Removal of Pangrok Sulap’s work (‘Sabah Tanah Air-Ku’) from art show

** Pangrok, stands for punk rock, while Sulap means village in the sabahan dialect. — Subhadra Devan

Statement on the removal of Pangrok Sulap’s work (‘Sabah Tanah Air-Ku’) from the exhibition ‘Escape from the SEA’ at APW, Bangsar.

By Mark Teh, March 11, 2017

As participating artists in the exhibition Escape from the SEA organised by Japan Foundation Asia Center, we oppose the removal of Pangrok Sulap’s large-scale woodcut print Sabah Tanah Air-Ku at Art Printing Works (APW) Bangsar, Kuala Lumpur on 26 February 2017.
The work at APW forms one-half of a larger piece – the other half, bearing the same title, Sabah Tanah Air-Ku, remains hanging in the National Visual Arts Gallery, the other venue and a co-organiser for the exhibition. From our perspectives, the two works can be read as twins, mirrors or even sharing one body – depicting and reflecting powerfully the palpable and painful histories, contradictions, and relationship of Sabah with and within Malaysia. That the two pieces, bearing the same title, are sited in two different spaces suggest to audiences that viewing only one-half is to see an incomplete picture – implicit in the work is an encouragement to make the physical journey to the other site, to make further connections and interpretations.
When the work was taken down two days after the opening, we were informed to wait for a public statement by Japan Foundation Kuala Lumpur (JFKL) to clarify and explain the decision. It has since been communicated to us on 10 March 2017 that JFKL will not be releasing a statement, and that any enquiries should be directed to their office. In their communication with us, JFKL mentioned that a ‘misreading’ of Sabah Tanah Air-Ku at APW was behind the decision to remove the work and replace it with Sabah Tanah Air-Ku (The Making Of).
We reiterate again our opposition to these decisions by JFKL, and are disappointed with the lack of communication and transparency about the situation, which has fuelled much confusion, frustration and speculation. What was ‘misread’? How exactly was Sabah Tanah Air-Ku at APW ‘misread’, and what was the rationale or motivation behind this? And most importantly, who ‘misread’ the work, and following that, seemingly lodged a complain to the exhibition organisers and/or other authorities, which led to the decision to take down the work?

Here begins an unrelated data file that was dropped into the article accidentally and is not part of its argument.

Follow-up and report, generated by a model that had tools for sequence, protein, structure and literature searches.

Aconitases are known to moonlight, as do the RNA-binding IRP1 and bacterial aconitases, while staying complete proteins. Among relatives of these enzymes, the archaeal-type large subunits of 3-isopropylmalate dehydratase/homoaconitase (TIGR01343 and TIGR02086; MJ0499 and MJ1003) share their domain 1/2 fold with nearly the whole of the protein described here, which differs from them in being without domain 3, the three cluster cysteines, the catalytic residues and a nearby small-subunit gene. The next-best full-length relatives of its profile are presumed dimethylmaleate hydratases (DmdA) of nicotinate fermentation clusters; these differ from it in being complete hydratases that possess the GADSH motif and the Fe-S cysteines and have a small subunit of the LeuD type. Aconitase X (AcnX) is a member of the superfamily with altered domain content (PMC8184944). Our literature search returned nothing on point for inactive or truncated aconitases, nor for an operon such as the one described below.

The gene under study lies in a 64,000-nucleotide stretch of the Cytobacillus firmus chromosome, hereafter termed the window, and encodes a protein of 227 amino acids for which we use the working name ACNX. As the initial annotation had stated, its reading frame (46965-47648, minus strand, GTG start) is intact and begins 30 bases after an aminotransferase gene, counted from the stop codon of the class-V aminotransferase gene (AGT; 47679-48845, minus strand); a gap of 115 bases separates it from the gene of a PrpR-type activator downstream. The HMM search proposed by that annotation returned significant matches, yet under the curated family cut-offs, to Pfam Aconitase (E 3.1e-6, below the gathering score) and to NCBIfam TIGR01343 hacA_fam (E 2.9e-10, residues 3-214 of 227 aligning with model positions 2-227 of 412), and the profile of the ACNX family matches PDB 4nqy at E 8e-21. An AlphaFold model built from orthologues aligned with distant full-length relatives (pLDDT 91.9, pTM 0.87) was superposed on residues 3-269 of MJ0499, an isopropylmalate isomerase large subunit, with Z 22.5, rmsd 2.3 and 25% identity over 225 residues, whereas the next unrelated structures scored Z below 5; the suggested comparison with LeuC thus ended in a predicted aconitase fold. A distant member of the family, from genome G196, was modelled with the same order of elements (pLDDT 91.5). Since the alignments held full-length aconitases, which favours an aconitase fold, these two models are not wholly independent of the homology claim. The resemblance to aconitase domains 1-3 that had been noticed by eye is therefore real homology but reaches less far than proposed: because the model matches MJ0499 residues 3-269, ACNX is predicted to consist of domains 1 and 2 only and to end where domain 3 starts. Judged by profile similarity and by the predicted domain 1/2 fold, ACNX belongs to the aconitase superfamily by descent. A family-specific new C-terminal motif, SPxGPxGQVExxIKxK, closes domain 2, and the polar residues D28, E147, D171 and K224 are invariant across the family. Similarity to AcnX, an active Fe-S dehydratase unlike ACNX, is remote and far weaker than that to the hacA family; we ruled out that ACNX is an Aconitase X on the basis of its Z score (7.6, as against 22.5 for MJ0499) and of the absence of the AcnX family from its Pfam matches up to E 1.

During the two days that the now-removed Sabah Tanah Air-Ku was displayed at APW, we observed that the work drew many positive responses from audiences – simply put, it was the most photographed and selfie-d work in APW. It goes without saying that there are many, multiple ways to ‘read’ a work of art, and debate and dialogue about the merits and content of any work, as well as the artists’ right to express their positions, must be defended. To insist on only one reading of the work, and to take action based on this narrow reading closes off many other ways of interpretation, thinking, expression and dialogue.
Within a larger Malaysian context, this also continues a toxic tradition where yet again, an invisible individual(s) and private opinion expressed to the powers that be is responsible for censoring an art work. This should not be tolerated – we must hold these invisible individuals accountable for their positions as their actions have very serious negative public implications. Otherwise, this perpetuates an unhealthy and damaging environment of censorship and self-censorship, moral and political policing for all stakeholders in our shared ecosystem – audiences, artists, curators, cultural workers, producers, collectors, supporters, national institutions such as the National Visual Arts Gallery, and cultural organisations such as JFKL and Japan Foundation Asia Center.

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